Virtual race report – (not) the Ealing Half Marathon!

The second September challenge organised by Ealing Half Marathon was a virtual half marathon. Usually the Ealing half marathon takes place on the last Sunday of September. But as that cannot happen this year the challenge was to run or walk the distance in the week running up to 28th September. The distance did not have to be completed in one go, but I decided that I would do it as one run. It is four weeks since the last time I ran this distance, and the conditions today were a far cry from that day!

I’m back in Suffolk this week, a week in Thorpeness postponed from summer. I love it here, I love the big skies and sea, the old fashioned feel of the houses and the peacefulness of the countryside. What better place to run the not-in-Ealing half marathon? And it was a wonderful run, even if the weather could have been kinder, and by the end I could hardly move my frozen soaked feet, and my hands were so cold I could hardly take off my shoes and socks!

This morning it was all about water. Rain, sea, puddles, river, lake, boating pond. Water, and wind. Yes the weather was a prominent feature of today’s running adventure.

It was all about the weather today.

I started out at about 7.30 before the worst of the forecasted rain and wind. The relatively light rain became heavier quite quickly however, and then it was just non stop heavy rain with accompanying wind whenever I was out in the open. After a while my fingers were so cold and wet I could no longer operate my phone, and so photos were nigh on impossible. And anyway it would be yet another picture of endless East Anglian grey skies and rain.

My run started from the Airbnb house where we are staying and I headed towards Aldeburgh. Just before the town on the shingle beach is Maggi Hambling’s (controversial) sculpture of a scallop shell called A conversation with the sea, dedicated to Benjamin Britten. The words are from his opera Peter Grimes:

I hear those voices that will not be drowned.

It’s an interesting sentence to reflect upon.

Personally I love this sculpture, and find it hard to believe that some people still want it removed…

In Aldeburgh there’s a boating pond where, in good weather, lots of children (and a few adults) love to spend a happy hour sailing toy boats looked over by the faithful dog Snooks.

Snooks – kitted out for Covid-19 🙁

I headed through town in back streets to avoid the wind, and then got blasted at the estuary, with its wide open space. Past the allotments, now looking very autumnal, with dahlias and chrysanthemums, sodden in the rain but still bright and cheerful.

The river Alde estuary. Bleak today.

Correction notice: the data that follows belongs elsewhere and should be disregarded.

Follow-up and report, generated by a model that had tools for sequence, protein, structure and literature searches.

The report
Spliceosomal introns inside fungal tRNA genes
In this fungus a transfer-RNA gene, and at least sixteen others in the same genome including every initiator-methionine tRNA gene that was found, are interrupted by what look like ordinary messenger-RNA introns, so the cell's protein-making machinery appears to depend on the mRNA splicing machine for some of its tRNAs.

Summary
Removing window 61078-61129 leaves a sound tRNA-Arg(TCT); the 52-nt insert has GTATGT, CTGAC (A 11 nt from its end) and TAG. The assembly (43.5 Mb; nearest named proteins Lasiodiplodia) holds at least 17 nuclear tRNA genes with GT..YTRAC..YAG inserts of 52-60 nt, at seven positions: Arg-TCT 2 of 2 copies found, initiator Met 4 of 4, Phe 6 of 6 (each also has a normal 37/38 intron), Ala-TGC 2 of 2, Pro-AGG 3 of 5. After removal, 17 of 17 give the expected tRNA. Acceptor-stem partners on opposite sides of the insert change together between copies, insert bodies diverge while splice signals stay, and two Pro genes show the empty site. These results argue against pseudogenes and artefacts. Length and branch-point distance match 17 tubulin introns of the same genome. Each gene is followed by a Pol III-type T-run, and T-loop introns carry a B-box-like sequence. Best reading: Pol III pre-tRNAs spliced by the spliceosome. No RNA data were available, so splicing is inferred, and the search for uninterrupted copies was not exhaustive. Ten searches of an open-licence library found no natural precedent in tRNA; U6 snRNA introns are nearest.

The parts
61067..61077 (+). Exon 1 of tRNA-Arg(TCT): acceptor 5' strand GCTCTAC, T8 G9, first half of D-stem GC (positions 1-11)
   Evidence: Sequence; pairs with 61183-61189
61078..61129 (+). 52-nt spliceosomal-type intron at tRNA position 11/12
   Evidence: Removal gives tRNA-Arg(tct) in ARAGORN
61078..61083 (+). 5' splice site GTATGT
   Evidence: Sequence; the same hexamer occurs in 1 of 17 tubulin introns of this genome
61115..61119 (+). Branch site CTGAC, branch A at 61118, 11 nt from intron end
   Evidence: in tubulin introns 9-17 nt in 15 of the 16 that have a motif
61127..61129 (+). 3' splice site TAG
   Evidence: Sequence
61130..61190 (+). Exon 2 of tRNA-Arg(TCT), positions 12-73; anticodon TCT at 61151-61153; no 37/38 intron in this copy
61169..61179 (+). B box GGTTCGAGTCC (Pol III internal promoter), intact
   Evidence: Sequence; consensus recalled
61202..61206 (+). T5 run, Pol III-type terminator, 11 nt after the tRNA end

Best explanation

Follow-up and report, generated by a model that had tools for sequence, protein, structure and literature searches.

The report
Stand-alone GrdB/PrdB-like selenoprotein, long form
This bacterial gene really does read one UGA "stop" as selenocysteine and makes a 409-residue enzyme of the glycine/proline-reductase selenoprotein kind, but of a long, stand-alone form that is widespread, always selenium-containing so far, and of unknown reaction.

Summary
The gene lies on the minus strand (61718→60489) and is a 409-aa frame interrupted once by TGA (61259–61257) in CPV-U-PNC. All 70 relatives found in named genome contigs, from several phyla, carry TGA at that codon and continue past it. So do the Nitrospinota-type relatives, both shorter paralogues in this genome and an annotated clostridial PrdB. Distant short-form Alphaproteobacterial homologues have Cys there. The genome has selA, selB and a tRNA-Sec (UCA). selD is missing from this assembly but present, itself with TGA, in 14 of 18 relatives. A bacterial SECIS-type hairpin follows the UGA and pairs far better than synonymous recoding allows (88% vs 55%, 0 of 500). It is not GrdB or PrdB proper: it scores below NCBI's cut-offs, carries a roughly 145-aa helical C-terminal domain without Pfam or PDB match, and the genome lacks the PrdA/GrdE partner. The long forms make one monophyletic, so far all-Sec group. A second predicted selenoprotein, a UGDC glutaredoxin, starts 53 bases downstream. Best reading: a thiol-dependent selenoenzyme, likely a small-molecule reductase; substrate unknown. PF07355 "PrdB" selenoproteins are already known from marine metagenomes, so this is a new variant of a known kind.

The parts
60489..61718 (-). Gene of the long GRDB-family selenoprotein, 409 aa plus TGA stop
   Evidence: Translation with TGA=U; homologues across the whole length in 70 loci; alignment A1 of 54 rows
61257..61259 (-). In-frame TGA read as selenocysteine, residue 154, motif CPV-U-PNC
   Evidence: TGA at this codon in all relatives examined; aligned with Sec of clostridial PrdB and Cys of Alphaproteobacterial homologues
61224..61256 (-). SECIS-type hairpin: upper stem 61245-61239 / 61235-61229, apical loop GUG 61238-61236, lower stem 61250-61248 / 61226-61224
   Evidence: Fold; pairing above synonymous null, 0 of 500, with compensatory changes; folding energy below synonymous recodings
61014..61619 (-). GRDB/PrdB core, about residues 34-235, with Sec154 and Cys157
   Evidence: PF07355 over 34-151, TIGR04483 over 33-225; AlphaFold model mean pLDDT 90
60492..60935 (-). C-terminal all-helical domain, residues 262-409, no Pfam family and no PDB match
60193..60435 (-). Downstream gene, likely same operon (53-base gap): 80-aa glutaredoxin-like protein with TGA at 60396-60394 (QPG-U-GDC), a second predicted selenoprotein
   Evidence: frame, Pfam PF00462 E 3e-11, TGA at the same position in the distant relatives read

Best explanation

Next was the railway path. The railway was dismantled in the 1960’s. During ‘lockdown’ I came across a beautiful soundscape of the railway path by sound recordist Chris Watson which you can listen to by clicking here. Put your headphones on, shut your eyes and relax. It really is wonderful.

I’ve run along this path so many times! I think this has to be the wettest though. I wasn’t even half way through yet… 😂

I did a loop off the railway path that took me round the marshy area and through the woods. Seriously wet now and long past trying to avoid any puddles, my feet were completely soaked. In fact everything was soaked. I cheered myself up by thinking that at least it wasn’t hail. (When training for the London marathon in 2016 my longest training run ended with rain that turned to hail about a mile and half from home. Never forgotten.)

I was then back in Thorpeness, but still had about 7 km to go before the distance was complete, so I headed for the coast path. An obstacle lay in the way – flood alert! It really was beginning to feel like Britten’s Noye’s Fludde!

I did manage to find a relatively dry way round this the first time round, but when I came across it a second time just metres from the ‘finish line’ I couldn’t be bothered and just sploshed through ankle deep in icy water.

On I went along the coast path, past the place where the sandy cliff has recently collapsed onto the beach, and then down onto the beach itself running towards Sizewell. Everywhere seemed deserted. Sensible people staying indoors.

Finally, after another little lap of Thorpeness to complete the 21 km, I got back 2 hours 15 minutes later – drenched. To be honest I did not feel good at that point! Pleased, but not exactly happy! However after a warm shower, bacon and egg sandwich and a cup of coffee I felt a great deal better!

Not exactly smiling am I?!

Thank you Sandra and Christine at Ealing Half Marathon for organising two fab events. I have loved these September challenges. Even though it was a completely different experience from previous Ealing half marathons I still got that #ealingfeeling here in rainy Suffolk!

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